In sixteenth-century England aqua vitae, taken without change from the Medieval Latin phrase meaning “water of life,” first appears as a term for a distilled alcoholic drink, though as early as 1471 it had been used for medicinal alcohol. From the same Medieval Latin source comes Swedish, Danish, and Norwegian akvavit, which is used in English in the form aquavit as the name for a clear Scandinavian liquor flavored with caraway seeds. English has also borrowed the French translation of Latin aqua vitae in the font eau-de-vie as a term for brandy.

The name bourbon which designates some American whiskeys comes from the name of Bourbon County, Kentucky, where such whiskey was first made in the late eighteenth century.
Our household is three of four: we have aquavit (Aalborg, Linie), bourbon (Evan Williams, Traverse City), and Scotch (Ardbeg, Glenmorangie). And lots of wine. But no brandy. Scotch, by the way, is always whisky, no -e.

Our alcohol consumption has not increased since November 8, 2016, but our stockpiling has. Be Prepared.

A related post
Whisky, hold the -e

[The Merriam-Webster New Book of Word Histories is wonderfully browsable.]

Thursday, February 21, 2019

Victor Davis Hanson
on Ajax, Achilles, and Trump

The New Yorker has an interview with Victor Davis Hanson, classicist, military historian, and Donald Trump supporter. The interview covers touches on many subjects in a short space: “anchor babies,” the travel ban, the statue-loving demonstrators in Charlottesville, Barack Obama’s birth certificate, and when it’s appropriate to mock a woman as unattractive: “There are certain women that may be homely,” Hanson declares. (It’s like watching an interview from The Colbert Report.) And of course, Hanson talks about his forthcoming book, The Case for Trump, in which he likens Donald Trump, in passing, to the Greek heroes Achilles and Ajax. As he does in the interview:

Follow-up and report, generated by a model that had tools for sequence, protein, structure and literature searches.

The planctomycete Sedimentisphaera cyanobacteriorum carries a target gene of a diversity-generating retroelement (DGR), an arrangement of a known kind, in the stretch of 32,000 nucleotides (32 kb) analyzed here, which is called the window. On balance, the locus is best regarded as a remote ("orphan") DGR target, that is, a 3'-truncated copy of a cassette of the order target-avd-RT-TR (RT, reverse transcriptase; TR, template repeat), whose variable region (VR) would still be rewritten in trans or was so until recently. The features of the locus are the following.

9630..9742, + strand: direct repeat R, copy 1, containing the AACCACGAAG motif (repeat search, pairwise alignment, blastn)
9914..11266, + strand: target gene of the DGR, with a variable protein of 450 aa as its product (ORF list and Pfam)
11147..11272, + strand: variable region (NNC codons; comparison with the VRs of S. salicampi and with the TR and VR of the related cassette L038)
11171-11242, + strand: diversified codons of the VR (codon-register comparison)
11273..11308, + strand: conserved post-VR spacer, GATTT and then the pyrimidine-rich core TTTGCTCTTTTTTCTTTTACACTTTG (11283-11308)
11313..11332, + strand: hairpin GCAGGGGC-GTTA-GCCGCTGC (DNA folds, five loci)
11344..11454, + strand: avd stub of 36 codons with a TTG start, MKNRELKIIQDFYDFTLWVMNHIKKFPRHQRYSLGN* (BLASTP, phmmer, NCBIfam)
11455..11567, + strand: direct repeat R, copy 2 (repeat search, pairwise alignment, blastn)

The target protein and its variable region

“You have a neurotic hero [Ajax] who cannot get over the fact that he was by all standards the successor to Achilles and deserves Achilles’s armor, and yet he was outsmarted by this wily, lesser Odysseus, who rigged the contest and got the armor. All he does is say, ‘This wasn’t fair. I’m better. Doesn’t anybody know this?’ It’s true, but you want to say to Ajax, ‘Shut up and just take it.’ Achilles has elements of a tragic hero. He says, at the beginning of the Iliad, ‘I do all the work. I kill all the Trojans. But when it comes to assigning booty, you always give it to mediocrities — deep-state, administrative nothings.’ So he stalks off. And the gods tell him, ‘If you come back in, you will win fame, but you are going to end up dead.’ So he makes a tragic, heroic decision that he is going to do that.

“I think Trump really did think that there were certain problems and he had particular skills that he could solve. Maybe in a naïve fashion. But I think he understood, for all the emoluments-clause hysteria, that he wasn’t going to make a lot of money from it or be liked for it.”
These comparisons are bonkers. Let’s not forget: Trump, unlike Ajax, won the big prize, with, it seems, considerable help from outside actors who worked to rig the outcome — Russians, not Greeks. The Ajax of Sophocles’s tragedy Ajax (the work Hanson is referencing) does more than say “This wasn’t fair”: having planned to kill Agamemnon, Menelaus, and Odysseus, he is deluded by Athena into slaughtering cattle instead. And he then realizes what he has done: “Now I stand here / Disgraced.” What distinguishes Sophocles’s Ajax is his profound shame, an emotion Donald Trump seems incapable of feeling.

As for Achilles: he returns to battle out of a deep sense of loyalty to his beloved Patroclus, willing to sacrifice himself to avenge his comrade. Loyalty, self-sacrifice: further elements of human experience that seem foreign to Trump, except insofar as he demands them of others.